John Montgallo | QR Code Press | Tue, 27 Dec 2016 09:00:24 +0000

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Barnes & Noble’s latest mobile device has been criticized for pre-installed spyware.

Nook mobile security is being called into question at a very unfortunate time of the shopping year. Barnes & Noble launched their Nook Tablet 7 in mid-November to add a new affordable tablet option to the market.

The $50 tablet has a great deal of appeal to device users and gift givers shopping on a budget.

While the tablet was aligned to provide some serious competition to other similar devices such as the 7-inch Fire tablet from Amazon, a new hurdle has appeared. The Nook mobile security might not be what users are looking for. The device has been receiving praise in terms of its features and what it’s capable of doing. However, as much as the mobile device can do a great deal, customers may find that it’s doing a little too much.

The Nook mobile security has been accused of being too low as it has spyware built right in.

The Barnes & Noble Nook Tablet 7 includes the Adups app which is pre-installed. This isn’t a program the user chooses to add. It’s right there in the device when it’s taken out of the box. Adups first made it into the spotlight when it was discovered to have infected a string of Android smartphones, such as the BLU R1 HD. That particular smartphone was the device that pointed a Kryptowire security researcher to discover the sketchy activity of Adups in the first place.

At the time that it was first found and examined, Kryptowire described Adups as a form of spyware able to capture and transmit a spectrum of sensitive and private user data. This could include everything from text logs to contact names, call logs to IP addresses and a great deal more. All this could be accomplished through Adups without the user ever knowing or providing his or her consent.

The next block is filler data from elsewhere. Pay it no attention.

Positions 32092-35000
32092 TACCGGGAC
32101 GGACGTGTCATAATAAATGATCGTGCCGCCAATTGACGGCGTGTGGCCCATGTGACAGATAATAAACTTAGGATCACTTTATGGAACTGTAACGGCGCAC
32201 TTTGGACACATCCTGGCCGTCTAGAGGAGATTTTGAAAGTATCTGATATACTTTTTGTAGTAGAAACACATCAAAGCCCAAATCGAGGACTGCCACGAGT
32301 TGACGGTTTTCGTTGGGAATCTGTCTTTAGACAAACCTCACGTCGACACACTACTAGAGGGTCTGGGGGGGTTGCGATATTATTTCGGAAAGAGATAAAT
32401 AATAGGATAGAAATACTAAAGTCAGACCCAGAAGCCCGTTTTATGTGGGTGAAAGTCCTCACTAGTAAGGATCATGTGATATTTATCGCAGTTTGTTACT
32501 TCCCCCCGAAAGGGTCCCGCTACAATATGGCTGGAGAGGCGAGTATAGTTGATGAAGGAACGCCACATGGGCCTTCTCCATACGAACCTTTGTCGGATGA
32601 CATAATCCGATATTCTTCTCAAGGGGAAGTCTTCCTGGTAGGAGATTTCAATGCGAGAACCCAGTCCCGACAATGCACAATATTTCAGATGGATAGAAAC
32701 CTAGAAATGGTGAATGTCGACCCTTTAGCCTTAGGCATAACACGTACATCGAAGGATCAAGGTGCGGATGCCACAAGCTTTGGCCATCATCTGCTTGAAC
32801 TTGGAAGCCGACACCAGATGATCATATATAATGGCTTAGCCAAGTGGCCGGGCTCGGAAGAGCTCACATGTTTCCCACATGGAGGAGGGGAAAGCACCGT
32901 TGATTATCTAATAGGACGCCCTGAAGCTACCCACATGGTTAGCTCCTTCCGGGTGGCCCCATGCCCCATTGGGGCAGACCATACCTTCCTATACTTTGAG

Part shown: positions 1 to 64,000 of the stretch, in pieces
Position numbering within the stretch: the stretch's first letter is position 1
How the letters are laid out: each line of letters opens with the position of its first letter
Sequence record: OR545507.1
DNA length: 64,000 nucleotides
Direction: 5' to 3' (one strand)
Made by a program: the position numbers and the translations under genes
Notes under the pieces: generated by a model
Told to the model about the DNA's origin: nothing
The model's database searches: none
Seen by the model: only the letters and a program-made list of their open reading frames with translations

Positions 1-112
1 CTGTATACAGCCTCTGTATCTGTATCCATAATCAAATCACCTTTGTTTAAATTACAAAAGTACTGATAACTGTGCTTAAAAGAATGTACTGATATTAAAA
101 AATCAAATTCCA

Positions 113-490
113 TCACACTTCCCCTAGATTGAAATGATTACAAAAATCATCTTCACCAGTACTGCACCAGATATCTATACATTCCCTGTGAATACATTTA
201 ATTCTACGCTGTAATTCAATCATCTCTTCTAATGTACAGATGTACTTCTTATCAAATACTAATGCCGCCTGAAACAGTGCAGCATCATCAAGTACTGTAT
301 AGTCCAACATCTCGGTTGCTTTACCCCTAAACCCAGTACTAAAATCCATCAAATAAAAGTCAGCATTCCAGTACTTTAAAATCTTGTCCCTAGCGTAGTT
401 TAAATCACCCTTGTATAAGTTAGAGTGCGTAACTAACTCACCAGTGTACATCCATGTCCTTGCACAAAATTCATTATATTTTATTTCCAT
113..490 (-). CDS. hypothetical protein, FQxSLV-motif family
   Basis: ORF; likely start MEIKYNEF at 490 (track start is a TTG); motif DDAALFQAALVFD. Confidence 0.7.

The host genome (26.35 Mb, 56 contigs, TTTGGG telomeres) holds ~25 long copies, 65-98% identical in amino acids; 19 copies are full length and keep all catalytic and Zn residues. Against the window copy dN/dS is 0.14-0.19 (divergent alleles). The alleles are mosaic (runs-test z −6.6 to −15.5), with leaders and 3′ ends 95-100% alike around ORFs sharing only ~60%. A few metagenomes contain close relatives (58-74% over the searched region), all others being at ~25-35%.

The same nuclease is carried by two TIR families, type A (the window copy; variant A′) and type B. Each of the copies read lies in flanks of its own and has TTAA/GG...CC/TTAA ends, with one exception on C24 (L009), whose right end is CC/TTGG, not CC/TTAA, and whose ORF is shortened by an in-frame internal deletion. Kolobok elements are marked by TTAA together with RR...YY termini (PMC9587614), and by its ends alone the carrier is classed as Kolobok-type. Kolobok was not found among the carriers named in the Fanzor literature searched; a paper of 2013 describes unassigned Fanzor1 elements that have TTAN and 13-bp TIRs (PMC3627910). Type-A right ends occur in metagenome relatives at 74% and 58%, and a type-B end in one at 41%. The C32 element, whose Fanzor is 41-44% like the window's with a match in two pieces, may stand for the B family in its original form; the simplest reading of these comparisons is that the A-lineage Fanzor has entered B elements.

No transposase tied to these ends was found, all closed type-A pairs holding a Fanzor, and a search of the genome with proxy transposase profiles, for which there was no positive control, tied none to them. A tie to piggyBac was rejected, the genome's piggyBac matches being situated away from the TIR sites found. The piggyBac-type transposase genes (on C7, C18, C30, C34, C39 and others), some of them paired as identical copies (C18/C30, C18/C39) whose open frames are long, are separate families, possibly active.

Barnes & Noble has spoken of this topic. In a 9to5Google report, they described the progress of the Nook mobile security issue. The Tablet 7 first went on sale on November 26. From that point when the device first connects to WiFi, it automatically updated to the most recent Adups version (5.5) which has Google security requirement compliance certification. Therefore, Barnes & Noble says that there aren’t any security or privacy concerns related to the program. Moreover, it also underscored that it had never collected personally identifiable data or location information and has no intentions to begin doing so.

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